A HELENSBURGH singer was a highly regarded member of the chorus group at the Royal Opera House in London’s Covent Garden for 30 years.
Born in Adelaide Street in the town in 1920, Daniel McCoshan travelled the world and sang with some of the great names in opera before his death on January 21 2003 at the age of 82.
Dan lost his left eye in an accident at the age of six, but the setback did not hamper his path to success.
He had a wonderful voice and as a boy sang in the St Michael and All Angels Church Choir and appeared in amateur drama and operatic productions.
In 1940, at the age of 20, he was called up into the Black Watch for World War Two service, and later transferred to the Pioneer Corps.
He was posted to Ledbury, Herefordshire, and put in charge of Italian prisoners of war who taught him their language — a skill which was to prove very helpful in later life.
After his demob from the Army, he worked as a gardener with the Helensburgh Town Council parks department.
When Dan was in his early 30s a Helensburgh lady who heard him perform was so impressed by the power and emotion of his tenor voice that she suggested he ought to consider singing professionally.
She and a group of local people arranged for him to go to London to be auditioned at the Guildhall School of Music. He won a place, and in his first year was awarded the 1955 gold medal for tenor voice.
After graduating he joined the Glyndebourne Opera Company, with whom he sang in a variety of roles, and was thrilled to be presented to the Queen on one occasion.
He sang at the Wexford Festival in Ireland and at the Edinburgh Festival with Iain Wallace.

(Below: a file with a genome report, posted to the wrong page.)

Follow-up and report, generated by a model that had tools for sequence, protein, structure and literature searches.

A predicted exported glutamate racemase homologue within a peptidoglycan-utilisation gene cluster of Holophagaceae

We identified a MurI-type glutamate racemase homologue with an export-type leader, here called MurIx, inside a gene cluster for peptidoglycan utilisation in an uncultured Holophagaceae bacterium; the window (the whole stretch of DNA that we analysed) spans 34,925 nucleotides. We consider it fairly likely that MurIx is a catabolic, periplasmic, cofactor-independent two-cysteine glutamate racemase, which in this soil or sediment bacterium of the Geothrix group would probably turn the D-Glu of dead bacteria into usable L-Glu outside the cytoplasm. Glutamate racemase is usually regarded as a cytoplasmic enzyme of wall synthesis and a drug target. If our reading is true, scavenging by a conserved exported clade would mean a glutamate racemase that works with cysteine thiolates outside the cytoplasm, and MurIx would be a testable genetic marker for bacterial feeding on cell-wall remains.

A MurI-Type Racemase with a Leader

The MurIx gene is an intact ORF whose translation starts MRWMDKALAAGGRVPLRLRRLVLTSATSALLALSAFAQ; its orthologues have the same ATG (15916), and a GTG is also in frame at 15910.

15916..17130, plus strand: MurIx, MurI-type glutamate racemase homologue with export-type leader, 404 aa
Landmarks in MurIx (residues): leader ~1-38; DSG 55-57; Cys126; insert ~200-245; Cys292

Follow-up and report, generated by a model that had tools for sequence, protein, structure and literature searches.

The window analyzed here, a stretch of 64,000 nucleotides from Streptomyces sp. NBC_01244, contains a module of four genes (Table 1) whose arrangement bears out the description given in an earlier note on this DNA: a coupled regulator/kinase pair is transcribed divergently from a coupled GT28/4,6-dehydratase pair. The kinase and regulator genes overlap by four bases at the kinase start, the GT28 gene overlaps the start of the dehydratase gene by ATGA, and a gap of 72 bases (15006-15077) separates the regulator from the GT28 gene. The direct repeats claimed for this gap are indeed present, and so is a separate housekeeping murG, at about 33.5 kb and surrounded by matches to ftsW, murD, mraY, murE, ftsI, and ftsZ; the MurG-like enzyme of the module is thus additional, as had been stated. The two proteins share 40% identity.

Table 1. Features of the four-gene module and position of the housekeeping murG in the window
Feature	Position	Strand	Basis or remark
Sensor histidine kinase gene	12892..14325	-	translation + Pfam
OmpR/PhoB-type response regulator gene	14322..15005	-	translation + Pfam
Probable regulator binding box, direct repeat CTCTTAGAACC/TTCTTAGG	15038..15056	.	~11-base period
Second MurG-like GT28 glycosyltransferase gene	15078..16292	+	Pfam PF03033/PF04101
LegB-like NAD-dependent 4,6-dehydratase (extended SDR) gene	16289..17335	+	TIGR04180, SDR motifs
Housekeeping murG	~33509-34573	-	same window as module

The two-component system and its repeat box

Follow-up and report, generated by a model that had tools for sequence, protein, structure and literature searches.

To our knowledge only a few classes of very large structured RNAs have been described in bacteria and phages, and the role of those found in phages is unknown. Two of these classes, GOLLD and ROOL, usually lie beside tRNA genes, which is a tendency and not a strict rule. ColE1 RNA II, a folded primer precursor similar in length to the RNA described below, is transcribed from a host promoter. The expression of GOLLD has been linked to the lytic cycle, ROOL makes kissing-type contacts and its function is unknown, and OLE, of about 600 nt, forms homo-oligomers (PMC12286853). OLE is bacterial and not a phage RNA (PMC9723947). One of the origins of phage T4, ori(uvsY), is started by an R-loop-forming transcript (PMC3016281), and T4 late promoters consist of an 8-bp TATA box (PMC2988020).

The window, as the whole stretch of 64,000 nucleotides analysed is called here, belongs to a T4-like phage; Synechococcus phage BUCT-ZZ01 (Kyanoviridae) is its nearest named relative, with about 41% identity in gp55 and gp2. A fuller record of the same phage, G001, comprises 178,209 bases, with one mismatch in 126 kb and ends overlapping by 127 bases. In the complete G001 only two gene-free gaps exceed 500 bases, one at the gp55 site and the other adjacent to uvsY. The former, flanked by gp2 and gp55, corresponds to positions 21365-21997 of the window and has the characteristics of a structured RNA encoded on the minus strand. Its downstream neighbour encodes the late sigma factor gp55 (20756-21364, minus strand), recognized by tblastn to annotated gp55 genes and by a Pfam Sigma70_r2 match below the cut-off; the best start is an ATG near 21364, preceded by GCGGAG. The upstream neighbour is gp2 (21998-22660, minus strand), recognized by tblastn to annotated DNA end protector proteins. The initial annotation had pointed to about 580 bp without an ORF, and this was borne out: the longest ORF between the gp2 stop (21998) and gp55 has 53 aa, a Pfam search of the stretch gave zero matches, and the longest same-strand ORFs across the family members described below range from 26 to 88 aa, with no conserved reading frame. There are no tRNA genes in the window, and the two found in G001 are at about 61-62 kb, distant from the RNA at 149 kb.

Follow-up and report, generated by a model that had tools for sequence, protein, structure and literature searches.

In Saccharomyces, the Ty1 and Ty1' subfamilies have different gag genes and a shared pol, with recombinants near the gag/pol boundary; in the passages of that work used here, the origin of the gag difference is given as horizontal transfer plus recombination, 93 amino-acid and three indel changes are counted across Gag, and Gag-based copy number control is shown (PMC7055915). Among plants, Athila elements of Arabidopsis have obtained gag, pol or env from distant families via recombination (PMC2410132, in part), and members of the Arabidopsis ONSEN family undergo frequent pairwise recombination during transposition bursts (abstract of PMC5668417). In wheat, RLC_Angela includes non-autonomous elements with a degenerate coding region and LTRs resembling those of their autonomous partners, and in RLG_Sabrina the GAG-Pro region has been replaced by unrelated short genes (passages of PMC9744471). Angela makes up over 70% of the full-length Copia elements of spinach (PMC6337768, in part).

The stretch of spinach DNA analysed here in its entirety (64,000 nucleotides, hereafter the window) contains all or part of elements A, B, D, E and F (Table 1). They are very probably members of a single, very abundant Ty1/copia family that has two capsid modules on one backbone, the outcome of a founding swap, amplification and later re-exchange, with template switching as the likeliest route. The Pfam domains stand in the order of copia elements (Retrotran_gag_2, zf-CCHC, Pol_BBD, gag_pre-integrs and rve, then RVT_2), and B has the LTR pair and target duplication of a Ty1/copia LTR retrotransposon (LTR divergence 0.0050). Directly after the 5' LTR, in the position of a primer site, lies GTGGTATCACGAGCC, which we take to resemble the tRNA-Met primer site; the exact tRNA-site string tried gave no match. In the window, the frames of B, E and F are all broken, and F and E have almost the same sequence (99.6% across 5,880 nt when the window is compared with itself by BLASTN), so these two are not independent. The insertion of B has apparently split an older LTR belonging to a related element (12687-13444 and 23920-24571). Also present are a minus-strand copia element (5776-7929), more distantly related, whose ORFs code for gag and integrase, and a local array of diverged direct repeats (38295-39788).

In 1961 he signed a contract with the Royal Opera House where he remained for 30 years as a member of the 60-strong chorus. He also sang a number of small individual roles during his time there, and was awarded their long service medal.
In 1963 he came home to sing two hymns in the BBC TV programme Songs of Praise when it was filmed in Helensburgh’s Old and St Andrew’s Parish Church, now the West Kirk.
During his distinguished career Dan travelled the world and was privileged to sing with some of the great names in opera, including the Three Tenors, Dame Kiri te Kanawa, and Dame Joan Sutherland (with whom he is pictured below). His final appearance at Covent Garden was in September 1983.
He also made a promotional video with Prince Charles, and was the Equity union representative for the company. But he also returned home to the burgh whenever possible.
After his death in Kidderminster General Hospital in Worcestershire, where he lived with his family, his devoted wife Helen said of him: “Dan was a modest, generous man with a wonderful sense of humour.
“He never forgot his Scottish roots, and he was a man who always put his family first.
“Dan was a great lover of the work of Robert Burns, with one of his favourites being ‘Is There For Honest Poverty’ — especially the last verse.”
The very familiar last two lines read: “That man to man the world over, Shall brothers be for all that.”
Dan was survived by his wife, sons Duncan and Andrew, and three grandchildren.
His brother Jim, who died in 2008, was affectionately known as Coshie and ‘Mr Rhu Amateurs’ because of his involvement with the village’s very successful amateur football club, which spanned more than 30 years as player, manager, and groundsman.